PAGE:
• Success criteria defined and communicated for the project.
  • One of the first things that is defined for the project are the key roles, responsibilities, and tasks that will be performed by each participant group in the project.
  • A clear, definitive project plan with WBS elements, networks, and activities planned for every major work-stream throughout the entire timeline.
  • A clear list of deliverables, milestones, templates, and instructions on their usage are provided for the entire project.
  • Deliverables are clearly tied to project value rather than useless administrative exercises (value added activities) (see SAP System Vendor Project Success Criteria & Factors 1 scroll down to Sections 8 and 9).
  • Scope, time, issues, risk, cost, communication, and integration management plans, together with additional key components are defined.
  • Various standards for the project are defined and documented, including but not limited to business process, development, configuration, enhancement, transport management, testing, etc.

If you are using outside contract project management resources and  these items are not substantially in place by the time you start your project you will likely have your timeline and budget destroyed.  Along with the blown schedule and budget your project will also be a pressure cooker filled with stress, anxiety, and frustration. These are also characteristics you find when an SAP project manager or SAP program manager is not qualified.  The chaos, tension, stress, and confusion caused by their inability to coordinate the many moving parts of the project are a direct result of their lack of experience and ability.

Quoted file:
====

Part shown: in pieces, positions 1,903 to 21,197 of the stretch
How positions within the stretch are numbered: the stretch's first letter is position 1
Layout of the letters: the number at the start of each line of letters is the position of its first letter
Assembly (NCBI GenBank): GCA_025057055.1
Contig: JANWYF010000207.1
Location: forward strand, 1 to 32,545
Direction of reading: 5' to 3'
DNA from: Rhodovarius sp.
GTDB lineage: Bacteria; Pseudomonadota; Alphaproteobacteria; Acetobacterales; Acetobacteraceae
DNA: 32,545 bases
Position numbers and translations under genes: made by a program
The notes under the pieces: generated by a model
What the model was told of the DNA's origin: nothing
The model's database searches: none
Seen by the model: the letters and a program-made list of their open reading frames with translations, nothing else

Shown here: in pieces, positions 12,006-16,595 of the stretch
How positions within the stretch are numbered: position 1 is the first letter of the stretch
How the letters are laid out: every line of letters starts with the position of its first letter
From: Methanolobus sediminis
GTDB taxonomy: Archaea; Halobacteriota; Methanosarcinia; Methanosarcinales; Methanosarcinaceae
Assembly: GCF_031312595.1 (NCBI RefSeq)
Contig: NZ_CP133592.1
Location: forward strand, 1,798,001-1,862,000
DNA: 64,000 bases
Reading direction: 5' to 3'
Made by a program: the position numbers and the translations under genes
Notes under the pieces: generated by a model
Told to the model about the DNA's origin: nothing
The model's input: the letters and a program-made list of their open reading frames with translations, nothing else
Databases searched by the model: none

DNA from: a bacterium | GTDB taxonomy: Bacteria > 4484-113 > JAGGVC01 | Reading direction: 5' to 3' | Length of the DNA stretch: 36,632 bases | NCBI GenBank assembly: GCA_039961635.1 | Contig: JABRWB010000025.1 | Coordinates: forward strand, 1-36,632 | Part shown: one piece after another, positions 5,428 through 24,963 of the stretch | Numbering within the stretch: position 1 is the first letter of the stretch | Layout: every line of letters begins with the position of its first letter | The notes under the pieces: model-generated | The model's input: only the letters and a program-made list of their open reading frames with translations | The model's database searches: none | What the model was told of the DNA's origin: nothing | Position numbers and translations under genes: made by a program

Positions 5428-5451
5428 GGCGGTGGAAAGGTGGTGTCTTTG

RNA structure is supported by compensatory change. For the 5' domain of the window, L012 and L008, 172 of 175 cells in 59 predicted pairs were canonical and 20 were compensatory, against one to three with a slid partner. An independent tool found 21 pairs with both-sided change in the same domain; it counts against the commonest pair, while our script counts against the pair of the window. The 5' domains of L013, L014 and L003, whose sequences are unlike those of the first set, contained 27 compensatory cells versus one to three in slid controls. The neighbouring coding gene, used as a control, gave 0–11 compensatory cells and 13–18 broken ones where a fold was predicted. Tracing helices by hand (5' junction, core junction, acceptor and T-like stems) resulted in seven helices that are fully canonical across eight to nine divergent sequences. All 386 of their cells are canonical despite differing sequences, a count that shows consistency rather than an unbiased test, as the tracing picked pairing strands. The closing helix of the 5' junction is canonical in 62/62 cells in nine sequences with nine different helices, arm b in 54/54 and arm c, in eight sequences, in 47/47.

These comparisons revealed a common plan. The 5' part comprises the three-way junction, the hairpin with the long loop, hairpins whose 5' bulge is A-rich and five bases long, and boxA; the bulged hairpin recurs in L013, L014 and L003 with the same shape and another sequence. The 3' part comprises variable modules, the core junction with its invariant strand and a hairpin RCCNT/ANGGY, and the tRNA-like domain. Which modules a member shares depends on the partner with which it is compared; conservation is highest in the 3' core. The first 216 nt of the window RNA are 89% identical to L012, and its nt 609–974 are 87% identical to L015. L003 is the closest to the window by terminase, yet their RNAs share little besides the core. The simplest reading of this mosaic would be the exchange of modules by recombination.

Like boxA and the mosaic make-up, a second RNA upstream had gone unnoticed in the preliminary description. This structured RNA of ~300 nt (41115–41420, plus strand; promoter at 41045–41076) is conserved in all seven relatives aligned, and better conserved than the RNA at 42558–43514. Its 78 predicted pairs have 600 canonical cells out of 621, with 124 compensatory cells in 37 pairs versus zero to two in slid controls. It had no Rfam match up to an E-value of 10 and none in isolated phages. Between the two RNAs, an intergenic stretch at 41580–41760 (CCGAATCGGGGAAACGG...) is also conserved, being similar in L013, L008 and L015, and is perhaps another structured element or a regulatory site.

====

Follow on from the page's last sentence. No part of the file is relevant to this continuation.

I don’t blame client project managers because if they had all of the resources they would not need outside help and guidance.

The project should be delivered on time, on budget, within scope and with high quality…

Conclusion on Effective SAP Project or Program Management Practices

You are headed for a project disaster when a contract SAP project manager or SAP program manager fails to ensure the following items are in place early in the project:

  • responsibilities by group and role are defined,
  • deliverables are well laid out,
  • templates are properly prepared,
  • forward looking expectations are set,
  • coordination occurs between all project groups,
  • etc.

I’ve only ever been on a few projects when the SAP project manager or SAP program manager failed to produce a properly detailed project plan.  Every one of those projects had one thing in common, they were absolutely horrendously stressful, difficult, and took more time and cost more than necessary.  Along with the failure to produce a proper project plan the lack of proper deliverables, proper roles and responsibilities, and all of the other things a good project plan would help you define were also missing.  If this happens to you FIRE those contractors, you are being bled dry and are headed for a budget and timeline disaster.

For much more detail on what happens when you have bad contract SAP project managers or SAP program managers see the post Some Reasons SAP Projects are Over Budget and Over Time.




Popular Searches:


  • sap implementation plan
  • sap project manager roles and responsibilities
  • sap deployment plan
  • sap project manager responsibilities
  • sap implement plan
  • JD for SAP Project Manger
  • sap project manager description and duties

Related Posts:

Steering Committee Governance for an SAP Center of Excellence

July 11th, 2011 by
Business to IT Convergence with an SAP Center of Excellence

SAP Center of Excellence Governance

This post is based on information from my recent ASUG presentation in Atlanta…  Beyond Technology Alignment – Building a Center of Excellence @ http://bit.ly/jJefxP